Being a bilingual professional is all about negotiating meaning. Working among--and in between--languages. Building up confidence in your Spanish but also learning strategies for those times when you have reached your limits. Understanding that it's not just the words you speak but what they mean to the other person, because words and culture go hand in hand.
You can talk about that in a classroom. (Does anyone really talk about that in their classes though?) But you'll experience it when you work in the community in SPAN 232 "Spanish in the Community."
You can bring your feelings about social justice to life. Or just think things through.
Do you think social justice is about marching? Making signs and yelling? Being self-righteously moody about trendy causes? Do you think it's about thinking critically about what's going on in the world, whether you decide to do anything about it or not? Can we tweet our way toward social justice? Can just being a student in SPAN 232, doing your work in the community and completing your assignments have an impact on some of the most vulnerable communities in Champaign-Urbana?
If you are already passionate about politics, immigration and Latin America, this course will be a perfect fit for you.
If you hate the news and never talk politics, it's still a good fit for you. We talk about study abroad, how schools work in other countries and how to figure out the rather complex Hispanic naming system. We watch music videos, write thank-you notes and analyze some census data for Illinois counties. You don't have to become a radical! You'll just come out on the other side of the semester more informed.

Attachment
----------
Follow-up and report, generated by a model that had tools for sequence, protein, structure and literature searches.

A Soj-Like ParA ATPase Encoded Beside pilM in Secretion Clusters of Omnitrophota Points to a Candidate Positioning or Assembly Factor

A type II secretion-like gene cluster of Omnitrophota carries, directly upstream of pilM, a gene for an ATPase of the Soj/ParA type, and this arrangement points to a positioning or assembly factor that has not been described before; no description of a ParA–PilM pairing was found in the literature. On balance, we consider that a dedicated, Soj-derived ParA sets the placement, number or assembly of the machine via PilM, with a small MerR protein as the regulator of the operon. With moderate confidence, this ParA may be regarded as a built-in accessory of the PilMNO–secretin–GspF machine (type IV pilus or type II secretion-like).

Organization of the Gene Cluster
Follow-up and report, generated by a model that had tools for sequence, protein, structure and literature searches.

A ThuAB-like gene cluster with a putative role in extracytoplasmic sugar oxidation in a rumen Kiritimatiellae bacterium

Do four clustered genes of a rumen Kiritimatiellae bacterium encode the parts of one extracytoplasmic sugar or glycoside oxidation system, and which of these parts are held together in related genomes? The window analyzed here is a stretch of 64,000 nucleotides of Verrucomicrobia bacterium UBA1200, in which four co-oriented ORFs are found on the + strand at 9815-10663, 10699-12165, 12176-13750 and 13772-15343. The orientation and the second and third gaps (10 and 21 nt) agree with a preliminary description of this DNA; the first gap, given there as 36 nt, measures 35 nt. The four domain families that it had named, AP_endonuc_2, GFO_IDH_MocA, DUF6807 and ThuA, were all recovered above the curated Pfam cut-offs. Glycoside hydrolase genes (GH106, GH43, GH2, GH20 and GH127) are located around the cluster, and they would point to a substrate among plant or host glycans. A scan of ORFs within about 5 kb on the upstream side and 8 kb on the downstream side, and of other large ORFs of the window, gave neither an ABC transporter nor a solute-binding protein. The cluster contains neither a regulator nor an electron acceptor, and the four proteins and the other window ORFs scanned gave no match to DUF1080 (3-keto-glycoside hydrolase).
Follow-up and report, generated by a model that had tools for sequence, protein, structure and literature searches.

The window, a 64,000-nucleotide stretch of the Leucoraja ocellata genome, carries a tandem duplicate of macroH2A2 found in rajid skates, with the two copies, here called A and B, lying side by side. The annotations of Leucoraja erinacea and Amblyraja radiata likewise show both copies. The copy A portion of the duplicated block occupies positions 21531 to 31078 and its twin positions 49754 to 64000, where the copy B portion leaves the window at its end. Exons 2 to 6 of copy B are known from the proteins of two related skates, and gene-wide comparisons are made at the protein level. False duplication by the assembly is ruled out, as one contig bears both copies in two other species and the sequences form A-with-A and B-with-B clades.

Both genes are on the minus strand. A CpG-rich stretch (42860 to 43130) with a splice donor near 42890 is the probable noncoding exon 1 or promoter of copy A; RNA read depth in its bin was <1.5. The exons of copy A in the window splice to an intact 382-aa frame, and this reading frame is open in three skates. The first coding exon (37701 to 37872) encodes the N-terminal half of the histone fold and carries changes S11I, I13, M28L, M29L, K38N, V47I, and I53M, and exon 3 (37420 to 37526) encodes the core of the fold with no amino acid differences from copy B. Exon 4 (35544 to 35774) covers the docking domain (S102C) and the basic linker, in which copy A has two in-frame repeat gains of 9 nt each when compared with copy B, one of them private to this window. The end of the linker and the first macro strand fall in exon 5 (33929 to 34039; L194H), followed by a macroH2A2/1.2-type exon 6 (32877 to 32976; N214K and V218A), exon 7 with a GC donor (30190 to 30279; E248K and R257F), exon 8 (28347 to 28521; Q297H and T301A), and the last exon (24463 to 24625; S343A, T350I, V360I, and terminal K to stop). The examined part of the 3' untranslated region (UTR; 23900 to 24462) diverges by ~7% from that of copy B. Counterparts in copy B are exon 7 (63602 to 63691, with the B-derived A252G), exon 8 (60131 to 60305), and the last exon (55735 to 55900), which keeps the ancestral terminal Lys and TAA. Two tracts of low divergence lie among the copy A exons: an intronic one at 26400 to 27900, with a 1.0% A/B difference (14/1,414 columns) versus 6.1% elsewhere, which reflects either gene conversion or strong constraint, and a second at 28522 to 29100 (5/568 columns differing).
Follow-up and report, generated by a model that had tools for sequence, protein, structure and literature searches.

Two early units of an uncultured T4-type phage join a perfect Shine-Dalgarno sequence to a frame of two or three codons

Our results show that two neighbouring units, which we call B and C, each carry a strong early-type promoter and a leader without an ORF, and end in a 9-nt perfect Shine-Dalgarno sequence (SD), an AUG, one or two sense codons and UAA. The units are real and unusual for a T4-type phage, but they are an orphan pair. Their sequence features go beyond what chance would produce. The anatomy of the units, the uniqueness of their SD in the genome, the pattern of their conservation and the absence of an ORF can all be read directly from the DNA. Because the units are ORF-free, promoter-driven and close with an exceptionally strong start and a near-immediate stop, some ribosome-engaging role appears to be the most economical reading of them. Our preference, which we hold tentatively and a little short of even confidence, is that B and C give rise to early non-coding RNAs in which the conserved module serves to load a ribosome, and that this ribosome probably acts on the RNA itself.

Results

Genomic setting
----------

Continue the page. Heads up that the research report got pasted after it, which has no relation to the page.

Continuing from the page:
You'll be in an engaging class with a professor/instructor who is a passionate, creative expert.
No boring lectures! You'll be working in groups. Sometimes you'll be walking around the class, asking your classmates questions. You'll work with partners, but never the same one all the time. You'll use your smartphone (or your partner's) in class to look up information on the web, take pictures and upload them or even make a short video.
If you sign up for the 1:00 section, you'll have Rejane Dias. She's taught the course before and has loads of experience both teaching Spanish and doing community-based work. Students love her.
If you sign up for the 4:00 section--please, please sign up for the 4:00 section because we need ten students--, I (Ann Abbott) will be your professor. Not to brag (ack! how can I say this without sounding like I am bragging?!), but I am an award-winning teacher who also shows up consistently on "the list"--you know, the list of excellent teachers based on students' ratings at the end of the semester. I write strong, detailed letters of recommendation for my students, even long after they have graduated. I love teaching, respect my students and enjoy watching my students learn and grow.
- Here's the Facebook page I use with my students.
- Here's my blog, where you can read what students have to say about the course, not just me.